When Nicola Benyahia's teenage son slipped away one day to join Daesh terror group in Syria, the frantic mother anguished over his disappearance for months while keeping it secret from her friends and most of her family.
"I kept it secret because of the shame of it," she told the Thomson Reuters Foundation. "We didn't know how to answer people because we couldn't even make sense of it ourselves. One minute we were just doing our daily life and the next day he was gone."
Hoping to spare other families such loneliness and despair, Benyahia this week launched Families for Life, a counselling service to help cope with the complexities of radicalization.
Thousands of fighters from the West have joined Daesh, and other radical militants in Syria and Iraq, according to the New York-based Soufan Group, which provides strategic security to governments and multinational organisations.
Some 850 of those fighters and supporters travelled from Britain, according to authorities, and about 700 from France.
They include teenagers like Rasheed Benyahia who became radicalised and, aged 19, made the drastic and, in his case, irreversible decision to leave home and fight.
Families for Life will help those worried about their vulnerable children and those grappling with children they have lost to violent radicalisation, said Benyahia, 46, who lives in Birmingham, Britain's second-largest city.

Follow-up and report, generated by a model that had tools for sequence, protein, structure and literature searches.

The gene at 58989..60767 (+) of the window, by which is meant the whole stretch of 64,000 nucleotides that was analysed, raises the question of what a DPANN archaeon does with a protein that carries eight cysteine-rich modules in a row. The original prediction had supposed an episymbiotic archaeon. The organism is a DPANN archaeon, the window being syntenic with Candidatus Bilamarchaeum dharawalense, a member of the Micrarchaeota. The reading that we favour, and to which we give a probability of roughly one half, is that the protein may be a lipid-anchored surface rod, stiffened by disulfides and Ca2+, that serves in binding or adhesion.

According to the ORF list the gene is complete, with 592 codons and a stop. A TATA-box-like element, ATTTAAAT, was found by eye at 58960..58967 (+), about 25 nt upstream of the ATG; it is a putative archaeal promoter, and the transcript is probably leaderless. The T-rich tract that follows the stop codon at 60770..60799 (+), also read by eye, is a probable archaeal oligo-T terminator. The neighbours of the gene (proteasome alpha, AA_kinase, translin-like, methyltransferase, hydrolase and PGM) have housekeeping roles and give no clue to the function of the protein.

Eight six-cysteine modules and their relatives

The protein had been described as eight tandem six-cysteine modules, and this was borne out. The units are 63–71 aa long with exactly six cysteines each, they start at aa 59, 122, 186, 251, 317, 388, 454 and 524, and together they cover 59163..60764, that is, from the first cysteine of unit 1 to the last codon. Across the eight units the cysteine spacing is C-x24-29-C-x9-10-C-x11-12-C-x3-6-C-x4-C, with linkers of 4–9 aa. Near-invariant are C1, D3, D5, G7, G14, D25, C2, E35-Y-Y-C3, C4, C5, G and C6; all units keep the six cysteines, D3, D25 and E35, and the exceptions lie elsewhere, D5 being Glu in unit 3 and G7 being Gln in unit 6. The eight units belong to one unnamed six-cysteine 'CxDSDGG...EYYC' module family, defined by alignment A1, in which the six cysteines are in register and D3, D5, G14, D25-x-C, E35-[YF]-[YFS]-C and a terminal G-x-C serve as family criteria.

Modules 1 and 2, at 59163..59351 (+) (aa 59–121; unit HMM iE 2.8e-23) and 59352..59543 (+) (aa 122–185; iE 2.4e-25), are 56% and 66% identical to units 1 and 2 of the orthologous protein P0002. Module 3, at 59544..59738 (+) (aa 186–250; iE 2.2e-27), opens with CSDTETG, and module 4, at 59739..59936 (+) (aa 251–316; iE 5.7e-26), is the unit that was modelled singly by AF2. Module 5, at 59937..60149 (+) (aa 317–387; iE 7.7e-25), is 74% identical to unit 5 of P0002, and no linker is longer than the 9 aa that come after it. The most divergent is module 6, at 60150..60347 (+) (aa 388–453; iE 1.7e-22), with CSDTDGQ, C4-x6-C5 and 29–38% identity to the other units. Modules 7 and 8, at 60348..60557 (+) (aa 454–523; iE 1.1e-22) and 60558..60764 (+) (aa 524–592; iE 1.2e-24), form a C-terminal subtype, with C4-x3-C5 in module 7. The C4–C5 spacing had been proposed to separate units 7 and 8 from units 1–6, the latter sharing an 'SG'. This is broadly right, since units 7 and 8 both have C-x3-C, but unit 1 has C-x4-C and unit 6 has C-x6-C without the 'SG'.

Her son, who was working at an engineering apprenticeship, left home on May 29, 2015, a day etched in her memory.
"That particular morning I missed him," she said. "He used to come down and give me a quick kiss and go out the door, but that morning I was a little bit late getting up and missed him."
The Benyahia family did not know where he was, or if he was dead or alive, until weeks later when he sent a message from Raqqa, a city in northern Syria, where Daesh runs training camps and directs operations.
The family corresponded with him sporadically by text and telephone in the months that followed.
That ended with a telephone call saying Rasheed Benyahia had been killed in a drone strike on Nov. 10 last year on the border of Syria and Iraq.
Before her son left, Benyahia said she saw no signs that could have predicted his fatal move.
With Families for Life, Benyahia, a trained mental health counsellor and therapist, also plans to work in prevention, such as speaking to school students.
But its most critical task may be helping families wrestling with feelings of shame, guilt and responsibility, she said.
Rasheed Benyahia had been convinced by someone - she still does not know who - that he was not a good Muslim if he did not join the Daesh terror group, she said.
"He was vulnerable, and somebody swooped in," she said.
While he was missing, she sought help from the Berlin-based German Institute on Radicalization and De-radicalization Studies (GIRDS) and Mothers for Life, a global network of women who have experienced violent terrorism in their families.
There was no such support in Birmingham, she said.
The city in central England, however, was the site of a bitter controversy two years ago about foreign fighters imposing extreme cultural norms and values in some schools.
"When I speak to people and they realize I lost my son through this, they start opening up and start disclosing their concerns," said Benyahia, who will join a panel next week on radicalisation at Trust Women, an annual women's rights and trafficking conference run by the Thomson Reuters Foundation.
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